How to spend a weekend in Fukuoka for less than US$150

This three-day itinerary will give you a taste of the port city of Fukuoka

Closer to mainland Asia than Tokyo, the lively port of Fukuoka welcomes travelers to a cosmopolitan oasis of food, shopping and nature-tripping. It’s a young, modern city — built on hundreds of years of feudal history — replete with gorgeous landscapes. This three-day itinerary that lets you dip a toe into these complex waters without paying an arm and a leg.

Day 1: Culture and history are just a subway ride away

The Hakozaki and Kuko subway lines run along many of Fukuoka’s major sites, so get a one-day pass for US$5.60. Then it’s on to Muromi Station and hilltop Atago Shrine, the oldest in the city, where you can take in the view and try a hot mochi cake with tea at Bintsukeya (2-6-37 Atago; US$5.40).

Next, alight at Ohorikoen to see the Fukuoka Castle ruins and stroll through the gorgeous Japanese garden at neighboring Ohori Park (pictured above). If you’re feeling peckish, grab the daily lunch set and creamy matcha pudding at chic new café 1101sai (3-1-13 Otemon; US$11).

Once your tummy is filled, it’s time to feed your mind. Hop off at Tenjin Station to behold the gorgeous architecture of Akarenga Cultural Center (1-15-30 Tenjin), an 18th-century red-brick building done in the English style. Then make your way to the Fukuoka Asian Art Museum (3-1 Shimokawabata-machi; US$1.80), a sleek, glass and concrete building that houses a permanent collection of about 2,900 works of modern and contemporary Asian art.

The striking Akarenga Cultural Center

End the day with a visit to Gofukumachi Station for the stately Shofukuji (6-1 Gokusho-machi), the first Zen temple in Japan. Congratulations, you’ve earned a ramen dinner at Hakata Ramen Zen, where the pork-bone broth and noodles start at under US$3 a bowl (1-10-13 Tenjin).

Day 2: Explore the great outdoors

A field of flowers at Nokonoshima Island Park

This is one of the best times of the year to visit the nearby island of Nokonoshima, famous for romantic fields of flowers ­— showing off their beautiful blooms this month: scarlet sages, dahlias and bougainvilleas. Hop on a bus to the ferry terminal and get a round-trip ticket (US$4.10). From there, you can either take a bus (US$2.10) to Nokonoshima Island Park or walk or bike (US$9 for a full-day rental) a variety of nature trails. The trail along the eastern coastline is particularly scenic and takes you through the charmingly named Contemplation Forest. Entrance to the park is US$10.80.

In addition to Instagram-worthy flower fields, you can enjoy a petting zoo, an obstacle course, grass sledding on a huge hill and a unique sport called nokonokoball, a fusion of croquet and golf (US$4.50 for nine holes). Take the ferry back to town and head to the Nakasu area, the hotspot for Fukuoka’s famous yatai, raucous open-air booths selling food and drinks. We love the eggplant with mentaiko cheese at Yamakou (3 Haruyoshi; US$8.20) and Kajishika’s (5-14 Narayamachi) creative yakitori skewers such as bacon-wrapped grapes (US$1.80).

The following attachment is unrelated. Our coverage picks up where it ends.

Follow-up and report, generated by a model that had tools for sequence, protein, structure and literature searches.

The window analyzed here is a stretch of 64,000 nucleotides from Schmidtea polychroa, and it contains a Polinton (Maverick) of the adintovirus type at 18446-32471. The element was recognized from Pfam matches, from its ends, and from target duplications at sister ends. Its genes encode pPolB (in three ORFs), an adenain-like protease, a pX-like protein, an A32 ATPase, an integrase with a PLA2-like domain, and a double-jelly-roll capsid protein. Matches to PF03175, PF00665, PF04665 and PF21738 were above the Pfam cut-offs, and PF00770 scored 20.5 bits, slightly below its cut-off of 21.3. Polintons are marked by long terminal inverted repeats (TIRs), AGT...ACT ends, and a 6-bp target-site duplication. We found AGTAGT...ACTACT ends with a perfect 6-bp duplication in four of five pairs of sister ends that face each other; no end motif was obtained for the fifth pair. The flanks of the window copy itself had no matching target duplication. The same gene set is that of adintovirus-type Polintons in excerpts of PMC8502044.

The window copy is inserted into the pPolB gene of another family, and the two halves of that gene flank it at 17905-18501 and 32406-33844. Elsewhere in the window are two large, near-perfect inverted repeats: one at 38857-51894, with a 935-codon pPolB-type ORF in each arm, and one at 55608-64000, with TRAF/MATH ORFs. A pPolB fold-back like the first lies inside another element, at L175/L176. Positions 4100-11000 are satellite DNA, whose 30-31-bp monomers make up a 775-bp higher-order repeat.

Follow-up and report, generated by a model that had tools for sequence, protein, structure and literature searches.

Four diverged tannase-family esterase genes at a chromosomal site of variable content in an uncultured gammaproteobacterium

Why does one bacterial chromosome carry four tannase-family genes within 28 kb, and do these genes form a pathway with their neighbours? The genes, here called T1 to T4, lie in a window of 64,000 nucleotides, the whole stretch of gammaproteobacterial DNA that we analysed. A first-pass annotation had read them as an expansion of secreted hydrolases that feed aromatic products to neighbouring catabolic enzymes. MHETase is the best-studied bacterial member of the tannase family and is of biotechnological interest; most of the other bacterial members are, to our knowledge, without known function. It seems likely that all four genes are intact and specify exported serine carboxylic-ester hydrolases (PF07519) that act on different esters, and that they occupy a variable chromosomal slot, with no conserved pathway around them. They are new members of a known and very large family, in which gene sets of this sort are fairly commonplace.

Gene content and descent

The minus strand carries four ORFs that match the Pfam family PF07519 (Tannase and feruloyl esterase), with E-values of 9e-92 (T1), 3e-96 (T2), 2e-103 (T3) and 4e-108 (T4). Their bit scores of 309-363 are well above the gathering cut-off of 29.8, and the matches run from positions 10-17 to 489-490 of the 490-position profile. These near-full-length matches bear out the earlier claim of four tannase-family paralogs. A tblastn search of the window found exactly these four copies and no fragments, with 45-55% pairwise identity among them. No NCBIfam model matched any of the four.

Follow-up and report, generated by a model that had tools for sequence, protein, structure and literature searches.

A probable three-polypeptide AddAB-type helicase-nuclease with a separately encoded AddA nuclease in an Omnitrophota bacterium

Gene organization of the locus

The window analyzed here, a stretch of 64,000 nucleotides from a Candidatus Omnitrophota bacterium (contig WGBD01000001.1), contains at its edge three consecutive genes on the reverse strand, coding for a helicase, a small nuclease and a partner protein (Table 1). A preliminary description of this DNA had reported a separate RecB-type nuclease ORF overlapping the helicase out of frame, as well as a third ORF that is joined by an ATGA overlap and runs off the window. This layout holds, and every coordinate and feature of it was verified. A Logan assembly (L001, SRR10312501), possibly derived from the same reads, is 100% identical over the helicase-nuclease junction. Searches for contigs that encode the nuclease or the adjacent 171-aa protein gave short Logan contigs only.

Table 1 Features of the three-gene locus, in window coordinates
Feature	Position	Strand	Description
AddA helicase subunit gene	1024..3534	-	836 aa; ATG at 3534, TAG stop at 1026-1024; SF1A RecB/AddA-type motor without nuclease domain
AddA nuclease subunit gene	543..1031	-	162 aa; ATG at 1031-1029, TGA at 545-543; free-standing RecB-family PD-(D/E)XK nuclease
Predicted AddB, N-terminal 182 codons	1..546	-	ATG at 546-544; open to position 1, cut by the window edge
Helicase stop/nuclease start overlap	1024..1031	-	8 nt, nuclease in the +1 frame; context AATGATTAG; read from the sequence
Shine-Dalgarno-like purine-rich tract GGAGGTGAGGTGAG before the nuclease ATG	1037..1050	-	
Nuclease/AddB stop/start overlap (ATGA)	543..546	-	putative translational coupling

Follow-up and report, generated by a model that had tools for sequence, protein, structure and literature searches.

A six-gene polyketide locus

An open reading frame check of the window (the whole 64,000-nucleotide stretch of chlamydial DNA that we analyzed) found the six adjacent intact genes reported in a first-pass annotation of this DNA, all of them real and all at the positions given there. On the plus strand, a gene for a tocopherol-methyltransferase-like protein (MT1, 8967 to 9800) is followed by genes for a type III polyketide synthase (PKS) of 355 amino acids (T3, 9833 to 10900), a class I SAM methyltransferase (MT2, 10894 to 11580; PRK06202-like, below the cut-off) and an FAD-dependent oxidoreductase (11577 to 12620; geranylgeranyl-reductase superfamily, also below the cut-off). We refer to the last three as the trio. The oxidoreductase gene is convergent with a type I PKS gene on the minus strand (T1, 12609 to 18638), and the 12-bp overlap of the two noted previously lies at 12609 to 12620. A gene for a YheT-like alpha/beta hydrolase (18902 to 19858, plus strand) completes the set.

Day 3: Day trip to Dazaifu

Dazaifu Shrine

Historic Dazaifu was once the center of political power in Kyushu, but now it’s a perfect day trip from Fukuoka for shrine fans, history buffs and those who just want to feel a bit of the old-school vibe. Alighting at Dazaifu Station, you’re deposited onto a stone-paved pedestrian walk lined with shops. Stop by Kakuda (3-2-65 Saifu) for a sweet umegae mochi rice cake (US$1.10), a toothsome local specialty stuffed with sweet bean paste and branded with a plum blossom seal, or the Kengo Kuma-designed Starbucks for a stylish caffeine fix. Saunter on, stopping to check out the colorful all-purpose cloths at Tenogoiya (2-7-26 Saifu). The end of the road is the majestic Dazaifu Tenmangu shrine, where kids come to beseech the god of learning for good exam scores. From there, you can head to the Kyushu National Museum (US$3.90) for a history lesson or Komyozenji temple to meditate at their Zen rock gardens. Grab a filling vegetable curry at Wakiaiai (3-2-24 Saifu; US$8), a restaurant in a renovated traditional home, then head to Hakatayu (1-14-5 Yumachi; US$2.70) in Futsukaichi Onsen for a soak in hot springs with a 1,300-year history before heading back to town.

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Stamp of approval

One way to make visits to shrines and temples more fun is to get a shuin-cho, a book for collecting official seals. They can be purchased for around US$9 at larger shrines and temples, while the seals themselves cost around US$2.70. The staff will write the date of your visit and the name of the temple or shrine in calligraphy and impress their unique seal in crimson ink.

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Getting around

Fukuoka is fairly compact, so you can easily get around on foot or on two wheels. There’s also a convenient subway system, although some farther-flung sights are only accessible by JR train lines, which use different tickets, so plan your itinerary before purchasing a day pass.

Written by

Jessica Kozuka

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